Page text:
Nostalgia Bottled Up

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watermelon On the way home from Palm Springs, we stopped by my parent’s house for my nephew’s 9th birthday party.  My parents still live in the same home they moved to when I was 10, in the same town I grew up in.  Because we were coming from a different direction than usual, we got off on the north side of the town, and drove down streets I hadn’t been on in probably 15 years, or more.  We drove by houses and pockets of neighborhoods I hadn’t thought about in years.  Past the apartment building I remember my older sister living in for a short time, past the park where I rode the merry go round over and over.  We drove by an old duplex and small little California bungalow my cousin and Uncle both used to live in.  Places I had long since forgotten, but came rushing towards me with just a single glance.

I suddenly remembered that my oldest cousin had a covet worthy Barbie collection, an entire collector’s series all still in boxes.  I had a vision of looking at her exotic “Indian” Barbie, wondering why a grown woman needed such toys, and why I couldn’t have it.  I peered out the window, with my nose pressed against the glass, just like a child, only answering with a grunt every now and then when Art or the kids spoke to me.  When I had come out of my trance and we approached my parent’s home, I told Art about the houses my family had lived in throughout this town, surprised since he only ever knew them living in different parts of the state.  I had this sad feeling, that it must be hard for the older generations to see the coming and goings of family members, at once knitted together by not only the common thread of shared DNA, but of shared geographical roots, now unraveled, strewn across the country.  I imagined it must be hard for my parents to see so many family members go, with just a couple of them still remaining.  No longer easy to just get together on a whim, with miles and miles now separating them, I wonder if they ever think of this time with fondness, or if the thought just makes them get a pit in their stomach.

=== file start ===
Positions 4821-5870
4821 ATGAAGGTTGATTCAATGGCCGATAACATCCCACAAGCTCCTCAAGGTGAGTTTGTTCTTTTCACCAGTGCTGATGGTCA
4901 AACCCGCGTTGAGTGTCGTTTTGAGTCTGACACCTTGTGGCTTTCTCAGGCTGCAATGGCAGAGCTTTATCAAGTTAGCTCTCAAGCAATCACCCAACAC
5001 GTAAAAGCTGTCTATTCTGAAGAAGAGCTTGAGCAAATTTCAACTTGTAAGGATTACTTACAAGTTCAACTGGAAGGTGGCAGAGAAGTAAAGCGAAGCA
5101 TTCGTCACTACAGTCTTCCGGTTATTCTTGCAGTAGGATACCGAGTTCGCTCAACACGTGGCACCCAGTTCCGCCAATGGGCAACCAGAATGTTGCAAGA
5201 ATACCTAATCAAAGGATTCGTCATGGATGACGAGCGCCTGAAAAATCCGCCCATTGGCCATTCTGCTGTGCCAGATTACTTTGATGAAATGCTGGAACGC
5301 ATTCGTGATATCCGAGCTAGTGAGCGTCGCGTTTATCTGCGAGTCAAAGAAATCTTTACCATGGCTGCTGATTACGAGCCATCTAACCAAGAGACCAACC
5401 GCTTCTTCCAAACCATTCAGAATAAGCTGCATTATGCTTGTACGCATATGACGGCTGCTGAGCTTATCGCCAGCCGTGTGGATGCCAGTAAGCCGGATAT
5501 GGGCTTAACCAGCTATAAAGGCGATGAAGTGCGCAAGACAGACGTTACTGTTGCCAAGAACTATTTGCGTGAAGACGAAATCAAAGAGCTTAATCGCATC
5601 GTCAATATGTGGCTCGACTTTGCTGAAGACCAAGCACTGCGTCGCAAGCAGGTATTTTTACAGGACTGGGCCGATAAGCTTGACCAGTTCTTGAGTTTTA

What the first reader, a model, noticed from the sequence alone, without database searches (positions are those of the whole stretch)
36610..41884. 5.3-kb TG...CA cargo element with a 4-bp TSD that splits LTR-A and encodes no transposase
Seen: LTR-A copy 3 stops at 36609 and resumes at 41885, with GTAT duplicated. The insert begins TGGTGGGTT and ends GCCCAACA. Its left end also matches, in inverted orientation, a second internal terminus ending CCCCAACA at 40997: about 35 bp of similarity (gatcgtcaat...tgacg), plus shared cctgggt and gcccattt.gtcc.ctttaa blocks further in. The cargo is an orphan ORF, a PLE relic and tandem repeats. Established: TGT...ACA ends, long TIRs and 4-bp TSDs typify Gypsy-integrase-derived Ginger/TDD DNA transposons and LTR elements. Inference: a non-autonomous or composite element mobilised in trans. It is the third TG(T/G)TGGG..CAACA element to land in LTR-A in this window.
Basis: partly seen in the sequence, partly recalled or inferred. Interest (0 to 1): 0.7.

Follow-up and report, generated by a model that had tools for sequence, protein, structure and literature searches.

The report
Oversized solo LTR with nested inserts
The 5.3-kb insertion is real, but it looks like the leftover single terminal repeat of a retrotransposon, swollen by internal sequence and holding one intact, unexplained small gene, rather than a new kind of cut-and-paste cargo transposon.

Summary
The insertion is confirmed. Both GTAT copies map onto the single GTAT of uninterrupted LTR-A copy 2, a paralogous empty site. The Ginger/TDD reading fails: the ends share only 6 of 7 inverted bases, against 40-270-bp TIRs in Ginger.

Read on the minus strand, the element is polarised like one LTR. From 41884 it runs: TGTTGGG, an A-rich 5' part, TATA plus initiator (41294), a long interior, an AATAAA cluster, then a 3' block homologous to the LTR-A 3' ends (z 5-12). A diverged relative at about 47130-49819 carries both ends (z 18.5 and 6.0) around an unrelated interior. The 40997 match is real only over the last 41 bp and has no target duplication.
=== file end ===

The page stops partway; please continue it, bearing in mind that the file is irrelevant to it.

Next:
I get that pit in my stomach when I get flashbacks of memories.  Like when driving down that road in the neighborhood I grew up in.  Or for years, when I thought of Christmases as a child and how they never seemed to live up the older I got.  I got it when it was time to say goodbye to our friends this weekend, after spending a great couple of days with them in the desert.  I used to think that pit was a bad thing.  But now that I’m older I recognize it more as a longing for good times to last forever.  Nostalgia if you will.  The memories are sometimes sweeter and more heart wrenching to recall, than actually living them.

Once back home and unpacked on Monday afternoon, we took advantage of the day off to grab lunch with just Hayden.  The older two had stayed over at Grandma and Grandpa’s, so it was a rare occurrence to just have one child in tow.  At one point I went to the ladies room, and as I stood in line at the sink, waiting to wash my hands, I observed a young mom of a 6 or 7 year old, helping her little girl wash her hands.  At the sink next to her stood an older woman, at least 60, with children long grown and gone, if she had any.  And at that moment, I realized I was going to deeply miss this stage.  This past year, maybe next year too.